Janelle, I think to an extent, you're right. They did/could exist at the same time. I was definitely more committed to the church during that period than at any other time. But at the same time, my life was unraveling pretty quickly during those years. As committed as I was, I was growing farther and farther away from any previous connection I had felt I had with "God". And I certainly didn't feel safe admitting to my doubts and fears, so the people writing me those letters only saw what I wanted them to.

mfranti said...

i like the tote idea too. i have one for hs, another for my married life and another for my days as a broker in ca(lots of party pictures)

even though you may not want to see that stuff, lessie, your boys and grandchildren will be tickled to find some of the mementos of their mom and dad's life together.

Chandelle said...

I think it could be really important for your kids to have some of those things available to them when they grow up. I know *nothing* about my birth mother's relationship with my father except a lot of hearsay, AKA bullshit. I'll never know what their marriage was like, why they really got married, how they met, how they felt about each other when things were good, or how it imploded in the end. I've always wished for a way to answer some of those questions. Hard copy would be more than I could ever hope. So keep what seems pertinent to the questions your sons will inevitably have, even if it's painful for you - that's their history, too.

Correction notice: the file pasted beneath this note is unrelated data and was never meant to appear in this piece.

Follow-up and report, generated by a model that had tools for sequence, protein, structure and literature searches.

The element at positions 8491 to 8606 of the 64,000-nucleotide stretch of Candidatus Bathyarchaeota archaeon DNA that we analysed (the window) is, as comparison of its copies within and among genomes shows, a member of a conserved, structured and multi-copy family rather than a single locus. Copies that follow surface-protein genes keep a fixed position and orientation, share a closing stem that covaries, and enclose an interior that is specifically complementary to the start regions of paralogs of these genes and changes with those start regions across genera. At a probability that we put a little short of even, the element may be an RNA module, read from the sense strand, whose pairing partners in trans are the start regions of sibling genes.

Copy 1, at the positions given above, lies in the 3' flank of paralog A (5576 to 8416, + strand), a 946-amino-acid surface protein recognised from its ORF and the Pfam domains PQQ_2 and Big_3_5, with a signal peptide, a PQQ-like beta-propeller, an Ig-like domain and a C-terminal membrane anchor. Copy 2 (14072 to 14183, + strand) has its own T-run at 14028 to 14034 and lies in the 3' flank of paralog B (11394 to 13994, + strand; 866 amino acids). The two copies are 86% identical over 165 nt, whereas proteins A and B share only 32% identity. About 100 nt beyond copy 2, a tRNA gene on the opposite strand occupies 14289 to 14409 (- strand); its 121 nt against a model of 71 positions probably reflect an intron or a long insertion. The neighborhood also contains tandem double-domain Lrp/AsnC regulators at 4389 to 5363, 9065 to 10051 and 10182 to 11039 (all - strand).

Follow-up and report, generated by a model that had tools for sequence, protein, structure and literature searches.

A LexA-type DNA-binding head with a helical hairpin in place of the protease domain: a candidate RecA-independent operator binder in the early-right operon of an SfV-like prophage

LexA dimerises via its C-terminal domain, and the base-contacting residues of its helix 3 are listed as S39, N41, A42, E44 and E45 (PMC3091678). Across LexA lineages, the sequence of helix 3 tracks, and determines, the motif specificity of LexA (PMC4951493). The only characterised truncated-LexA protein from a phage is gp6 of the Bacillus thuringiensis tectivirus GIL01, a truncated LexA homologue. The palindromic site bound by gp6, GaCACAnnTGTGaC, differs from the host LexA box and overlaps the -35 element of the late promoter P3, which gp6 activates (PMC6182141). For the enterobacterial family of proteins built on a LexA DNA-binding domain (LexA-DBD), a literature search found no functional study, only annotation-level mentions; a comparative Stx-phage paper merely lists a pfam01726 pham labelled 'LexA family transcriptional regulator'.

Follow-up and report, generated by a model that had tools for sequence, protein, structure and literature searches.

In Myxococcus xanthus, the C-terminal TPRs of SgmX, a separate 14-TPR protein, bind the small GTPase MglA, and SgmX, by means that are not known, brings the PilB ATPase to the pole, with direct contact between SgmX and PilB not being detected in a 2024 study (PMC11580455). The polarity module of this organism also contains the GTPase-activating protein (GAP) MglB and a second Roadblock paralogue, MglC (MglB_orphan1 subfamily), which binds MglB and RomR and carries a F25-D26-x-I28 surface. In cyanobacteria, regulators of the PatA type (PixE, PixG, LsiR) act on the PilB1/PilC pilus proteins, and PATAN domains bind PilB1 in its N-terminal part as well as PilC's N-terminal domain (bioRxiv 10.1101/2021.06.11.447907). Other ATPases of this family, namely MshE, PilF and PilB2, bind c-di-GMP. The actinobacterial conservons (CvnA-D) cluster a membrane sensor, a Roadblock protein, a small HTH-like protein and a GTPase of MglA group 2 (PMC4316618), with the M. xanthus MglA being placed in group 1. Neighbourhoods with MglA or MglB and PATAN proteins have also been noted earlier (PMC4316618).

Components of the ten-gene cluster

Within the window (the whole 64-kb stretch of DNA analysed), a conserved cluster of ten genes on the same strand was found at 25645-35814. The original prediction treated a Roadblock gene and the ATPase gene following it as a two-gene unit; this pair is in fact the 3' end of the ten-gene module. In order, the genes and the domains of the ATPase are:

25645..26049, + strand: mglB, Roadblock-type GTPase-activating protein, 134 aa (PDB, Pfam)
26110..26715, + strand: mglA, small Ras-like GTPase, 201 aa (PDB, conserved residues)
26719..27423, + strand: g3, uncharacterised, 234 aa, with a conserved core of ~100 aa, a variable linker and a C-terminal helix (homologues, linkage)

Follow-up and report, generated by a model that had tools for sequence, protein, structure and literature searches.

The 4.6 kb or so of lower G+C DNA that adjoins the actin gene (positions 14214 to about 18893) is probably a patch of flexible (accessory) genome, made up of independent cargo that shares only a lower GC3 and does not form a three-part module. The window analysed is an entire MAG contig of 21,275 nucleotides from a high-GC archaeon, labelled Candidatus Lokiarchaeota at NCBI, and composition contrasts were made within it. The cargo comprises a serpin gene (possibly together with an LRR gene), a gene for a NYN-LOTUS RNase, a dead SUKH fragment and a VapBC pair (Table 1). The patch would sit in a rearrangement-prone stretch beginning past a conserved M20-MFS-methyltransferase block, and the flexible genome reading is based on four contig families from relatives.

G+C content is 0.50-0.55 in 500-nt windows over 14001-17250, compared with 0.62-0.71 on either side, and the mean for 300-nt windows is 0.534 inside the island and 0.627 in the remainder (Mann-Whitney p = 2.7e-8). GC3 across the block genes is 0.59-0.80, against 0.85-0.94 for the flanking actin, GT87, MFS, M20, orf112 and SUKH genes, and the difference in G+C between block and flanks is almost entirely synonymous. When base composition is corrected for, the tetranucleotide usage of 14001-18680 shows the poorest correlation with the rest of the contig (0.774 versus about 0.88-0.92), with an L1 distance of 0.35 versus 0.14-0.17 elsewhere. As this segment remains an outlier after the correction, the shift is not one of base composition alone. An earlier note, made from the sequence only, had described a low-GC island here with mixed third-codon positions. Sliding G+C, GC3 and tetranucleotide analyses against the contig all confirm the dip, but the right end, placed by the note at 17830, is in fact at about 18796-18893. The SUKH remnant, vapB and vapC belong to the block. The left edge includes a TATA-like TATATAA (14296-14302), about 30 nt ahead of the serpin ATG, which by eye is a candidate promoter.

D'Arcy said...

It's disconcerting, isn't it? Did you ever see that wonderfully cheesy movie "Somewhere in Time" with Christopher Reeves and Jane Seymour. It was a huge hit in my house when I was younger. Remember when he finds the penny from the future and it transports him back? I found an American dime in my wallet yesterday and felt like I was going to go back to the life I just gave up.

Having recently packed up a whole house and consolidated my life into four suitcases, I know how hard it is to decide on the memories.

I think you know what to keep or not. The totes a good idea. I ahve one from my mission days as well, though i've thought several times of tossing it.

G said...

those boxes would scare the hell out of me. Like nick, i have a few of my own boxes full of reminders of who I was. I haven't opened them in years. But I also don't get rid of them.

I wish I had better advice. my thoughts are with you.